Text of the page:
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Publication Type:

Proceedings Article

Authors:

Isto Huvila

Source:

Reader- and User-Oriented Communication: National Conference Communication Studies 2007, University of Vaasa, Volume 152, Vaasa, p.22--27 (2008)

ISBN:

978-952-476-233-5

URL:

http://www.uwasa.fi/materiaali/pdf/isbn_978-952-476-233-5.pdf

Abstract:

Even though information literacy implicitly comprises an idea of a complete participation in an information community, the typical definitions of information literacy have tended to underline seeking, searching, locating, receiving and evaluation instead of information creation. Wilder (2005) has criticised the concept information literacy for emphasising the problems of searching instead of finding relevant information. The problematising of information seeking places emphasis on the difficulty of searching and the complexity of required skills. A more sensible approach would be to facilitate information use rather than to teach searching using complicated tools. All information sought by human-beings is mostly produced by their fellow humans. Therefore an approach to decrease complexity of information searching could to be to educate people to create more searchable and usable information. This article discusses information creation as a part of the concept information literacy. Besides technical problems, information creation education is inevitably faced by the complexities of social and cultural dimensions of information and information production.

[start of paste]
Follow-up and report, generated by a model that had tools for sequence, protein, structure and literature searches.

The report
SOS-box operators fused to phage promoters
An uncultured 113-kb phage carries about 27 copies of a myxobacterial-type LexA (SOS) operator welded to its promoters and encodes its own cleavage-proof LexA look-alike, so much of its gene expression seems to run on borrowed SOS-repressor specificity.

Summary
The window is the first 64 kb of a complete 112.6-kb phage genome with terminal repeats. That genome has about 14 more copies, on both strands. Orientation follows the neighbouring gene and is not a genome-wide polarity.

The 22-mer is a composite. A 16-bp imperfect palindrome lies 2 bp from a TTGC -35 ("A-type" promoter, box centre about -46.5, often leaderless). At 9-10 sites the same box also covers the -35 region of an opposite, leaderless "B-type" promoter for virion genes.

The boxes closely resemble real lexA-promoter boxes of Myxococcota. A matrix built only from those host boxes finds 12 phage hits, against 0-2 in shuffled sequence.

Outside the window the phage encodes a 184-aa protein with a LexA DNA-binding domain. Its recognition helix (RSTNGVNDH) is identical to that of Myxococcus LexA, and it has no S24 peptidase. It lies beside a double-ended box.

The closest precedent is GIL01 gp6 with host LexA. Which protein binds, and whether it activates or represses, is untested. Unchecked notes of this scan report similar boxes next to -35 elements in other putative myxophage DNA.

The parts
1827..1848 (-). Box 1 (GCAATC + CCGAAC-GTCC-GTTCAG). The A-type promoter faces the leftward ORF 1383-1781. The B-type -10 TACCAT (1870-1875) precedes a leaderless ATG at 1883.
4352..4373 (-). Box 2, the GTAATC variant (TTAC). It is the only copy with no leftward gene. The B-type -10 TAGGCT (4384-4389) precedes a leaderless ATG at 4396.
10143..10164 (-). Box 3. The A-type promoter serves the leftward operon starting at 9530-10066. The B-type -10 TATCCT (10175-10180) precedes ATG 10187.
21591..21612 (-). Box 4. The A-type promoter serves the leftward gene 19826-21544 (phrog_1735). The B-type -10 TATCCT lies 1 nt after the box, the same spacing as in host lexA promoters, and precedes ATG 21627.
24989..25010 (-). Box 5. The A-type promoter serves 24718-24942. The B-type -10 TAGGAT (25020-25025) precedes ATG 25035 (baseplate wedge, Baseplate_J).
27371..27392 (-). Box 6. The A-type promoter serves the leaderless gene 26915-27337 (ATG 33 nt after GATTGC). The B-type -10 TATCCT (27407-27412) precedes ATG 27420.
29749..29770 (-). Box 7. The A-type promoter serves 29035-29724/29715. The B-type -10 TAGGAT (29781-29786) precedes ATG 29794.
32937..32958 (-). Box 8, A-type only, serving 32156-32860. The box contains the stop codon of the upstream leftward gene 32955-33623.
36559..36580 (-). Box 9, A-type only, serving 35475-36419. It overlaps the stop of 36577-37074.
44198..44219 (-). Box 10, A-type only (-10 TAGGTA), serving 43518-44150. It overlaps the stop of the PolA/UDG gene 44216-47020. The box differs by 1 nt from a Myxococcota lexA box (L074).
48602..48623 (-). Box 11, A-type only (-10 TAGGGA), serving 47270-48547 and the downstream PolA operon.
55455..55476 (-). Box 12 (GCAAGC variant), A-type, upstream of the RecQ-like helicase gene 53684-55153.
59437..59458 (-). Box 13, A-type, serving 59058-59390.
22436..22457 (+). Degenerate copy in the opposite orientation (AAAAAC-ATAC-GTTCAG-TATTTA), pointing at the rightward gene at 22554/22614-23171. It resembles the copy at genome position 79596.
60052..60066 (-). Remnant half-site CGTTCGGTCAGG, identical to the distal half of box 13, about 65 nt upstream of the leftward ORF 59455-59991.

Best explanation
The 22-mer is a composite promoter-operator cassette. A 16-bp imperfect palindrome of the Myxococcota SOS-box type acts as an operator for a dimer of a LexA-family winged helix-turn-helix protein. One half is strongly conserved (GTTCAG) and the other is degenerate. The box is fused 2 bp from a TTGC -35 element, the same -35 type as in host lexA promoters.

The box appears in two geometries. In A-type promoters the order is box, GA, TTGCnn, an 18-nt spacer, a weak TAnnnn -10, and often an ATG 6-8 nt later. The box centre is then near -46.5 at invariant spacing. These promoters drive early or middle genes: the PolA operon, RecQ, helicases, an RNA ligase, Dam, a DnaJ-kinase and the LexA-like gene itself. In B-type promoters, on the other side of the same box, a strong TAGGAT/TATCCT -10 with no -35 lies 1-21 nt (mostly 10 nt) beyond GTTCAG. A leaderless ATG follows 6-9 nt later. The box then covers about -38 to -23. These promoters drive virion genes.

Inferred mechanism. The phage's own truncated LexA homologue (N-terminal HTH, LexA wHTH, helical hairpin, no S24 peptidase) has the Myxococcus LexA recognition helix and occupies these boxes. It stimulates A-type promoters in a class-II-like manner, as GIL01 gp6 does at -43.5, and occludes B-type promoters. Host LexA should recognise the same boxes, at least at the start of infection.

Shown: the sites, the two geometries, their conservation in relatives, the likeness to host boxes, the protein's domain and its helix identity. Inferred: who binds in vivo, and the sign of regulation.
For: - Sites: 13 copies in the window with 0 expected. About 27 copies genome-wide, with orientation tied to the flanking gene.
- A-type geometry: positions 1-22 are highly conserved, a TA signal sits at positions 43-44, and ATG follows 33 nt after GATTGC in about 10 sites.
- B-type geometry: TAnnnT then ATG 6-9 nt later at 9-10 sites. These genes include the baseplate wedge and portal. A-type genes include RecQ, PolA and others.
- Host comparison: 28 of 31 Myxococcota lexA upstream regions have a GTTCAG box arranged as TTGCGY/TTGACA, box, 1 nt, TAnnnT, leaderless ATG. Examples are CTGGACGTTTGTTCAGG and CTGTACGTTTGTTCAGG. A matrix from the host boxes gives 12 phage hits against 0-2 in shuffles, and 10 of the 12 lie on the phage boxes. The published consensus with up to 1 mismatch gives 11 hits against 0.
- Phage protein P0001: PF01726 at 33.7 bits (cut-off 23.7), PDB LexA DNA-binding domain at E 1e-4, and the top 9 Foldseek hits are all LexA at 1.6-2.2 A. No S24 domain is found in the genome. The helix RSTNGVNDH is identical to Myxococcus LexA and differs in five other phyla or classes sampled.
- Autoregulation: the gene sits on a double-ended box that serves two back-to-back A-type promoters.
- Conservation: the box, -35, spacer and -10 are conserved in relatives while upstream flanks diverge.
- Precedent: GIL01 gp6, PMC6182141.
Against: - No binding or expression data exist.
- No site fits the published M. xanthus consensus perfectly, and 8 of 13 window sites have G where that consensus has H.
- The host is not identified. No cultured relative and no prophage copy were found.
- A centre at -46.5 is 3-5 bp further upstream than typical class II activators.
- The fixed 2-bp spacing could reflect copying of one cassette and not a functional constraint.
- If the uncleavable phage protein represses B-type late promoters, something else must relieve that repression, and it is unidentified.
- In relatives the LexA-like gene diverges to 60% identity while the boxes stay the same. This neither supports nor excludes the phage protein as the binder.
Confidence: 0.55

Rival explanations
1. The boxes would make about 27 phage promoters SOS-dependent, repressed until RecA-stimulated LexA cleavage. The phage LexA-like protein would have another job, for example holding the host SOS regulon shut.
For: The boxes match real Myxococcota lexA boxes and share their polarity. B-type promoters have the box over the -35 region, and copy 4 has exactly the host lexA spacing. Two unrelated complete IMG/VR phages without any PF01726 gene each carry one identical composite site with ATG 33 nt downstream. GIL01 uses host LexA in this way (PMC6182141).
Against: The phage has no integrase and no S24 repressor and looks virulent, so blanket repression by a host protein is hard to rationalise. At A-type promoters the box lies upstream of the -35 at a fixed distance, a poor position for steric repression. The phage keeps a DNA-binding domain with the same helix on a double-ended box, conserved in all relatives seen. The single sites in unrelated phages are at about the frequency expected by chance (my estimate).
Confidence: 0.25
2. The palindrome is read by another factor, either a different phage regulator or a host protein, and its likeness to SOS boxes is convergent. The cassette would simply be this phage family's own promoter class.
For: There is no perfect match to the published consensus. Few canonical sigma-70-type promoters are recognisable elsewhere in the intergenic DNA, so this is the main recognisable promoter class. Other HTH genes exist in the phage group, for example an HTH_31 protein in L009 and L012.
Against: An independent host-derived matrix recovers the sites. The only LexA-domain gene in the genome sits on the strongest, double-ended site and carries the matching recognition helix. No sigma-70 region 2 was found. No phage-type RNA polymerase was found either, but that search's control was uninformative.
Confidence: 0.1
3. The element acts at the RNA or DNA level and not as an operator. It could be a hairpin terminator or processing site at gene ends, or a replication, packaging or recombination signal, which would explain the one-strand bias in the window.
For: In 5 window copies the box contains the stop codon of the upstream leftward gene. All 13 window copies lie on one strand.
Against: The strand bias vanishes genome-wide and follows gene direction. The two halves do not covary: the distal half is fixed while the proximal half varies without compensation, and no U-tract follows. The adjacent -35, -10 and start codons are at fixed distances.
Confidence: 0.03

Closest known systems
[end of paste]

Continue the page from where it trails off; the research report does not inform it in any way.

Body: 

Archaeology and Archaeological Information in the Digital Society shows how the digitization of archaeological information, tools and workflows, and their interplay with both old and new non-digital practices throughout the archaeological information process, affect the outcomes of archaeological work, and in the end, our general understanding of the human past.

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Taking Health Information Behaviour into Account: implications of a neglected element for success- ful implementation of consumer health technologies on older adults (HIBA) is an Academy of Finland funded research project at Åbo Akademi University.

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Sheds new light on the potential of extra-academic knowledge-making as a contribution in formations of knowledge throughout society, explores extra-academic knowledge as a useful resource in academy, policy development, evidence based practices, and innovation, and focuses on the informational dimensions, stemming from and grounded in an informationscience perspective, which provides the means to address practical information-related issues throughout knowledge-making processes.

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